Matt Hansen is a professor in the Geographical Sciences Department at the University of Maryland. He spoke on the sidelines of the Global Landscapes Forum about what technology means for the global climate agenda.
How is technology helping with the climate change agenda?
Remote sensing by definition is the idea that you can say something about an object, which you can’t touch. So it’s the same thing as our eyes. We can integrate all this information across our field of view and fill in the gaps.
Traditionally, with forestry, they have plots every kilometers or so, and those plots are labor-intensive. They cost a lot of money and it’s not easy to redo them repeatedly.
But when you have this image that just goes across the entire landscape and you can repeatedly image it, you get this information on how this land is changing and we are able to track deforestation rates and what kind of land use has replaced the forest. We can track almost anything on the land’s surface- urbanization, inundation, agriculture, and forest. So it’s this fantastic tool that feeds into a big part of climate change, which is the land use component.
You’ve talked about some of the opportunities of this technology. What are some of its limitations today?
I think one of the big things is to not overstate capabilities. To not say that it can do everything that a user might want or expect. We have to meet somewhere in the middle.
With remote sensing, we can’t see biomass directly, it’s a highly modeled variable, and we don’t see forest-associated species very easily. So there’s a lot of things we can’t do.
I think the biggest trick from a policy standpoint is that when this whole thing started, in regards to REDD+, policy was a bit ahead of the science when it came to the methods. There's a mismatch in the aspiration in policy. We’re playing catch-up now. I think we do have the methods that can be operationalized to support policy... I think we’re ready.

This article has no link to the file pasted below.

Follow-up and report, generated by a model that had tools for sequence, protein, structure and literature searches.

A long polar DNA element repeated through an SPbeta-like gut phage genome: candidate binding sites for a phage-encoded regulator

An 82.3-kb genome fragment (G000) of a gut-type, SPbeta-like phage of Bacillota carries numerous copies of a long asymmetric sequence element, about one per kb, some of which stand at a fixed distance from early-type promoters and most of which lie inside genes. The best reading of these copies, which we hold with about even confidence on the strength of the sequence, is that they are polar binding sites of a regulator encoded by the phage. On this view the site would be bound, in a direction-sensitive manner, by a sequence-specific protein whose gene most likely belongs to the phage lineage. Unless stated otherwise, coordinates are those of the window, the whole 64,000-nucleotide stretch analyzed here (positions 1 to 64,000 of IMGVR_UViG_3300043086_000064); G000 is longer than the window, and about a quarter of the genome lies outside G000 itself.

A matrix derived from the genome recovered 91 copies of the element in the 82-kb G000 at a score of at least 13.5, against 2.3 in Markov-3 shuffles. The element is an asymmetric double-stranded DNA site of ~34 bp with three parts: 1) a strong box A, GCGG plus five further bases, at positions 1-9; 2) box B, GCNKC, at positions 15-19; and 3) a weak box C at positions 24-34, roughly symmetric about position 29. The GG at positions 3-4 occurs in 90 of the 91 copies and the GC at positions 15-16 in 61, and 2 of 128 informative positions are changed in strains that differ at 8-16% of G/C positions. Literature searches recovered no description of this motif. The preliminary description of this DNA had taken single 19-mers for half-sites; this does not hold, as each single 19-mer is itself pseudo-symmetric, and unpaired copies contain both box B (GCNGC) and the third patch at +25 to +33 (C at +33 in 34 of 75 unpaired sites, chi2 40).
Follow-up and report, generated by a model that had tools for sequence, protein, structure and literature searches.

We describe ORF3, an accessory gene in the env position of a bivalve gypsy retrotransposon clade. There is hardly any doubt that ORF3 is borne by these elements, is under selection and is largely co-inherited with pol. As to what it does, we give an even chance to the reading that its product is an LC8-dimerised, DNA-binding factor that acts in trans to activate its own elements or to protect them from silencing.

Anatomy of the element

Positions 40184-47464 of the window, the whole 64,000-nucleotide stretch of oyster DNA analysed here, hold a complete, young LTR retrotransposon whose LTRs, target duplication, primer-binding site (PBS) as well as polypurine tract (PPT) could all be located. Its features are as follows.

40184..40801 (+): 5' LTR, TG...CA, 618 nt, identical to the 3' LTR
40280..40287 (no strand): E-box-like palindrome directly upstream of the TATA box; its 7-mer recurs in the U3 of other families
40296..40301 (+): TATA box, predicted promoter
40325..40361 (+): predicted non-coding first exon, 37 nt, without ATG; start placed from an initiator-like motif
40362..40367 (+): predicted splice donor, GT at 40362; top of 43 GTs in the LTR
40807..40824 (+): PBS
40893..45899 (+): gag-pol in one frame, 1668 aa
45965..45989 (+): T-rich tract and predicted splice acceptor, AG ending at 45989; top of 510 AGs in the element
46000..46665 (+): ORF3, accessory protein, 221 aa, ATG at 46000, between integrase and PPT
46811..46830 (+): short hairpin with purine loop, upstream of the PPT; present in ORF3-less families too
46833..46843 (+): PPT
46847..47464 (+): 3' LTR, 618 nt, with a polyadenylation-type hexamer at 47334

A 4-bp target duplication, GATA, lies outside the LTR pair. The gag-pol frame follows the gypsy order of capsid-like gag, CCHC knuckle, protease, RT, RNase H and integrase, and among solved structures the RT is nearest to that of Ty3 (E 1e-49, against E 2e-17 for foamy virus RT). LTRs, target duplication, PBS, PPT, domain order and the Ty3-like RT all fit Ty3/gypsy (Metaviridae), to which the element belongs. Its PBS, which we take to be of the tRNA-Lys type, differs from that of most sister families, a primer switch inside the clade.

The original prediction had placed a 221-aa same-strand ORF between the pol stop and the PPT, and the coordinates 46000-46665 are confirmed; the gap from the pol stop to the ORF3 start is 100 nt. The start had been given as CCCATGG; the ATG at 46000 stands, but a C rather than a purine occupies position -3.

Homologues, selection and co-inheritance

That doesn’t mean it’s not useful, it just means that either we can use what we can do to solve the same problem, understand what it means and use it appropriately, or we can integrate it with data.
How has this technology entered into policymaking? Is it being used to its full potential?
I think the biggest trick from a policy standpoint is that when this whole thing started, in regards to REDD+, policy was a bit ahead of the science when it came to the methods.
What I mean by that is Northern countries like the U.S. don’t do annual forest change mapping. No country does that. And at the same time, the entire North is trying to report capacity to the South. But what capacity are you reporting? We’ve never done it.
So there’s a mismatch in the aspiration in policy. We’re playing catch-up now. I think we do have the methods that can be operationalized to support policy. We have to get them into the hands of the people who are responsible for each of the national reports [related to NDCs] and I think we’re ready.
Why were you motivated to participate in the Global Landscapes Forum?
I like it because it has a very diverse user base. You’re talking about the technical practitioners, the governments, and the civil society. Landscape is an integrating concept.
Even with satellites, you don’t look at a single pixel- that would make no sense. You wouldn’t even look at a forest patch. You need to back up. It only makes sense when you look at it on a landscape scale. At the landscape scale, all these parties are interested, so you have a nice multi-stakeholder framework. It makes a lot of sense.
*This is part of a series of interviews from the 2016 Global Landscapes Forum: Climate Action for Sustainable Development in Marrakesh, Morocco
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